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What is the Virtue of Admitting Ignorance?

 
 
XXSpadeMasterXX
 
  1  
Reply Thu 21 Feb, 2013 09:13 pm
@MattDavis,
With all due respect Matt, I do not think that existence is pointless...And that I am everything and alone...
MattDavis
 
  1  
Reply Thu 21 Feb, 2013 09:26 pm
@XXSpadeMasterXX,
I am glad you don't!
Neither do I.
I meant that as that is where solipsism leads if it doesn't take into account anything else. That was pretty much my main thrust toward the end of that Buddhist self thread.
MattDavis
 
  1  
Reply Thu 21 Feb, 2013 09:27 pm
@MattDavis,
The point being made that perhaps it deserves looking a multiple angles.
*Solipsism
*Empiricism
*Formal Logic
(all of these require basic assumptions to even "get off the ground")
0 Replies
 
MattDavis
 
  1  
Reply Thu 21 Feb, 2013 09:32 pm
@Falco,
There are lots of circles to run around this, but I think the most convincing argument is simply a plea to the Anthropic Principle.
http://en.wikipedia.org/wiki/Anthropic_principle
0 Replies
 
fresco
 
  1  
Reply Fri 22 Feb, 2013 01:58 am
@reasoning logic,
Sorry about the belated reply.

It is naive to assume that "tra
0 Replies
 
fresco
 
  2  
Reply Fri 22 Feb, 2013 02:08 am
@reasoning logic,
Sorry about the belated reply.

It is naive to assume that "traditional logic" (ref Socrates et al) is the arbiter of what we call "knowledge" or its "absence". The process of paradigmatic progress in science relies more on metalogical speculation of theorists who are later shown to have made successful predictions, than it does on logical deduction. (The case of the demise of "the Ether" in physics illustrates the point, with respect to its temporary utility in formulating useful equations). So to admit "we don't know" tends to boil down to "we can't predict and control" rather than to make a statement about some nebulous idea of an undiscovered " reality".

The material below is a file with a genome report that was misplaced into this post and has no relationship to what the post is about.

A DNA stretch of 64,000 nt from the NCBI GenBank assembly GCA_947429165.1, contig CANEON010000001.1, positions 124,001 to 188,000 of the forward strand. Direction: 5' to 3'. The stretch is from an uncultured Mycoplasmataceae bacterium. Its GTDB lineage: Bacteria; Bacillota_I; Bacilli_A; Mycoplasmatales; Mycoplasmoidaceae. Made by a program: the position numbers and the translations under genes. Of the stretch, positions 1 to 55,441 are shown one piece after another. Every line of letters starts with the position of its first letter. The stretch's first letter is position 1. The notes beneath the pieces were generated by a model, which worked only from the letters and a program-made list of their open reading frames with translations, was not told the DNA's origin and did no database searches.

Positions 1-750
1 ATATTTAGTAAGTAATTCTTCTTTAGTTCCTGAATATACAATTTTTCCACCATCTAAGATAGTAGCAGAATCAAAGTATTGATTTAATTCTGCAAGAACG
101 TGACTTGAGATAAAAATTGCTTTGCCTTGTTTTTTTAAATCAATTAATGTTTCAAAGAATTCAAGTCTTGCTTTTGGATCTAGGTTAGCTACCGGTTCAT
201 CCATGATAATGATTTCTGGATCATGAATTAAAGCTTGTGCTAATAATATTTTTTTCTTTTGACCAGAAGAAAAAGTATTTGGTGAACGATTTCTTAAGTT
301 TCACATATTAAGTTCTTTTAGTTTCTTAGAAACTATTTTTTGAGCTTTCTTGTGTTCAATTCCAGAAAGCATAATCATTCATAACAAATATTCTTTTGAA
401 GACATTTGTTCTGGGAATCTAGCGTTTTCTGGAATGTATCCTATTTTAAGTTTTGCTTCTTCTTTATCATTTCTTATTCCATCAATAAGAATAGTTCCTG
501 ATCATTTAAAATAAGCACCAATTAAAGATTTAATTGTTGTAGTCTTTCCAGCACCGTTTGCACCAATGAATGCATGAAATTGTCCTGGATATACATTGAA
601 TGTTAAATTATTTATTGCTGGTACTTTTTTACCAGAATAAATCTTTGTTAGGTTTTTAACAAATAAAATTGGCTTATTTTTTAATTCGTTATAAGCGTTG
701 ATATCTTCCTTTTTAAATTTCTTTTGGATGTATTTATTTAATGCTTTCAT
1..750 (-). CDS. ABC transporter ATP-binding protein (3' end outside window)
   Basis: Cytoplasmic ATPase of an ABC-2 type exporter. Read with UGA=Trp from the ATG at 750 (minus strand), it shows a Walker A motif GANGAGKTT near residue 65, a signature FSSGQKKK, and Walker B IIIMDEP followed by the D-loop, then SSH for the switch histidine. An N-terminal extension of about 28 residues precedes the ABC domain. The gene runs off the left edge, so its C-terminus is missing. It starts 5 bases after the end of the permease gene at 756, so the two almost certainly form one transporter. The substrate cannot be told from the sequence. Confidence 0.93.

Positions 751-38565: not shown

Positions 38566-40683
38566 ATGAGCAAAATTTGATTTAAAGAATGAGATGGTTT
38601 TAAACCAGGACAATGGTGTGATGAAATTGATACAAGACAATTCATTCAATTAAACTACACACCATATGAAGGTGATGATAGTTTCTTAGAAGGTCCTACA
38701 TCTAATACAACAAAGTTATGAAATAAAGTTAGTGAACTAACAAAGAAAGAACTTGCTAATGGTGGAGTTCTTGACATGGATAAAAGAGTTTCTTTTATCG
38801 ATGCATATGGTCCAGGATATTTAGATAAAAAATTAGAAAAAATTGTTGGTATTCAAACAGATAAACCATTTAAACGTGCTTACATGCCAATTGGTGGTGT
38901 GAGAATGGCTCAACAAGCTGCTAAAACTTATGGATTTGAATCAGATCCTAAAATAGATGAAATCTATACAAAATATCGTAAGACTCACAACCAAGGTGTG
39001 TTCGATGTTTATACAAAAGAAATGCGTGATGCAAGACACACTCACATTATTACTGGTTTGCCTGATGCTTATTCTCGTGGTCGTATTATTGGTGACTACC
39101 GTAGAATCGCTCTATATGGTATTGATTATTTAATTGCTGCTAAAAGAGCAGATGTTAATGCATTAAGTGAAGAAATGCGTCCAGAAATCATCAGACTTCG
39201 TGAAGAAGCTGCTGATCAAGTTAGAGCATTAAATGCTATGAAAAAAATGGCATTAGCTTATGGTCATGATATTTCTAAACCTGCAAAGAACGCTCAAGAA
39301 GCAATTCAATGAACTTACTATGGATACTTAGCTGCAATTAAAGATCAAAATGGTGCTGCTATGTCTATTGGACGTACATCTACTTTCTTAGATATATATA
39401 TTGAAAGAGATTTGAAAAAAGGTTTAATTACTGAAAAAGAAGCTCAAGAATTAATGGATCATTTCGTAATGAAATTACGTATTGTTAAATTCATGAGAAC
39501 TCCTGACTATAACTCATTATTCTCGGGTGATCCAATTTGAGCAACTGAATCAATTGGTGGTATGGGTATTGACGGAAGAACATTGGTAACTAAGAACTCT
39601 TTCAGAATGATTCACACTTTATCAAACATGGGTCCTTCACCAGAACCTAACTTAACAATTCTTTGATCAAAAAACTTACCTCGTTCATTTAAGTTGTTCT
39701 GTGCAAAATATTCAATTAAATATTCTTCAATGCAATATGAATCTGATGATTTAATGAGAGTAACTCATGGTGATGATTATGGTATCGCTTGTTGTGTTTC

reasoning logic
 
  1  
Reply Fri 22 Feb, 2013 06:34 pm
@fresco,
Quote:
Sorry about the belated reply.


No need to apologies and if you are unaware i and many others find what you share to be very informative.

OK so you have again shared with me words that I am unfamiliar with and after researching I am now even more confused. Confused

Quote:
The process of paradigmatic progress in science relies more on metalogical speculation of theorists who are later shown to have made successful predictions, than it does on logical deduction.


It seems that Socrates may have been using metalogical speculation when he came to the conclusion that people knew many things that they were familiar with but spoke about other things that they did not know in the same manner.

Do you think that this was Socrates using traditional logic by his questioning?
Is it possible that metalogical speculation is a form of traditional logic being implemented imprecisely?

Quote:
The case of the demise of "the Ether" in physics illustrates the point, with respect to its temporary utility in formulating useful equations). So to admit "we don't know" tends to boil down to "we can't predict and control" rather than to make a statement about some nebulous idea of an undiscovered " reality".


I could be wrong but I think I was looking for a layman's explanation and you gave me this.